Is Mindfulness The Key To Happiness?
There’s so much out there on Mindfulness and how it can make you happy, so we quizzed Neom’s Mindfulness expert, Emma Mills - who, by the way, has just launched her new book, ‘Inhale, Exhale, Repeat’ - so knows pretty much all there is to know about mindfulness!
- A lot has been reported on mindfulness being the key to happiness this year - what’s the best piece of evidence you’ve read/ found to support this?
- I was checking out the latest on Berkley Science Review website (a fab graduate student-run magazine, highlighting all sorts of studies) and came across a post about the self discrepancy gap and it’s link to mindfulness. What’s this? The ‘self discrepancy gap’ is the gap between who we think we ARE, and who we think we should BE.
Basically, if we focus too much on this gap (anyone know that feeling?) it can cause us to feel, a bit, well, not that happy or content! Or, as they put it cause ‘psychological distress’. So if we are mindful (ie focusing on the here-and-now - like - really tuning into a conversation, or taking 60 seconds to appreciate that fresh air in the morning) our attention is deflected and we reduce the amount of time we spend unhappily comparing our current self with our ideal self.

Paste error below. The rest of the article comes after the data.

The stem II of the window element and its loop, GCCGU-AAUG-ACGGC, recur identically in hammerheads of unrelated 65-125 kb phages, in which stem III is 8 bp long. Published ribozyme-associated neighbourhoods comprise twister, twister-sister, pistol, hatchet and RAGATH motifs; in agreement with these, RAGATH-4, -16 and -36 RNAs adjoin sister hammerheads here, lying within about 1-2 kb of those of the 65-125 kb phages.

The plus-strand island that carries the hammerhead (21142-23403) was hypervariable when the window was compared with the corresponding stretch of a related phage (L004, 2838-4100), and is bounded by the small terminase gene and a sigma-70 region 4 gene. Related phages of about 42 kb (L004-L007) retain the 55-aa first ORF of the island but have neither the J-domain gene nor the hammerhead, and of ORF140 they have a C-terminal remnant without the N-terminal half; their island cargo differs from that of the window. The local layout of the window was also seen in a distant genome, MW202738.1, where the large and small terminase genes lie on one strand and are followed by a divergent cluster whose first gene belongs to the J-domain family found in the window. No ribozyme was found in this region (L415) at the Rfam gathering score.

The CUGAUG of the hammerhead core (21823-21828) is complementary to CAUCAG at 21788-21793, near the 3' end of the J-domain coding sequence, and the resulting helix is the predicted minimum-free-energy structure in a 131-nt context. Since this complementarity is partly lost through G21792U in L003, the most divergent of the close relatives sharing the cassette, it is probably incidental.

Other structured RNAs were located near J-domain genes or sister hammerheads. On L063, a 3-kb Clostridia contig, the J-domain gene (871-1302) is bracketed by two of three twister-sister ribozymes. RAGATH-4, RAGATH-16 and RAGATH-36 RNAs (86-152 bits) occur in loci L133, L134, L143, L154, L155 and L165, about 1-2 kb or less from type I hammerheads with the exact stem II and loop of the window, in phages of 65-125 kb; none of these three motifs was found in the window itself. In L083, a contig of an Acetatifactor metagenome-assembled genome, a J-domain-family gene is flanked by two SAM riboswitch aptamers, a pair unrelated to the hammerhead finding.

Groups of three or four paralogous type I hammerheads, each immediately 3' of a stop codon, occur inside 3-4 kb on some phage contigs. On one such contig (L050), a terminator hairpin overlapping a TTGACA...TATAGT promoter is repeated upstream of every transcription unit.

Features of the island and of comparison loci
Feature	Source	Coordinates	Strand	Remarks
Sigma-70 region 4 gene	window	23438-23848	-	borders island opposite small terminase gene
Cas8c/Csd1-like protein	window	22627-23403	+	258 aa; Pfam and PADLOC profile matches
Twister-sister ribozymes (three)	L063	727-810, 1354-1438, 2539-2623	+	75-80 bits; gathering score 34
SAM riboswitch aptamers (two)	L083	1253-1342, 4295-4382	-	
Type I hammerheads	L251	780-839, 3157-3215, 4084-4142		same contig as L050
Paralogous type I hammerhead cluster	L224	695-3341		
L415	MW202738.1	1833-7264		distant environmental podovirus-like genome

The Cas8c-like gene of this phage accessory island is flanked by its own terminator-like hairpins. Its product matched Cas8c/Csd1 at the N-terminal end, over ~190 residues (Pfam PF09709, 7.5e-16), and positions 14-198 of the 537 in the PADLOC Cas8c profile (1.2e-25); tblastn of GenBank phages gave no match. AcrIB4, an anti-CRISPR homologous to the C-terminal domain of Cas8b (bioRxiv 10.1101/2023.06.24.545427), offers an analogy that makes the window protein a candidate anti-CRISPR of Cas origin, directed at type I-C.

Mindfulness helps by encouraging us to 1. Accept ourselves as we are, 2. Stop striving all the time towards something that we think we should be, and 3. Focus more enjoyably on what’s happening now, rather than fixating on our perceived shortfalls. Once we accept that, our mind feels more content and happier.
- Do you believe in the above? Why/ How?
- Yes, for the most part - I believe being mindful throughout life, makes you feel happier.
I felt affirmed when I read this research because it neatly articulates many of the changes I’ve seen in people who explore meditation and mindfulness. Such as the ones who have very busy careers and have achieved a great deal, who, I expect, might attribute some of their success to always doing their best, improving, learning and growing - hmmm potentially striving to be a person, be in a place, they want to be!?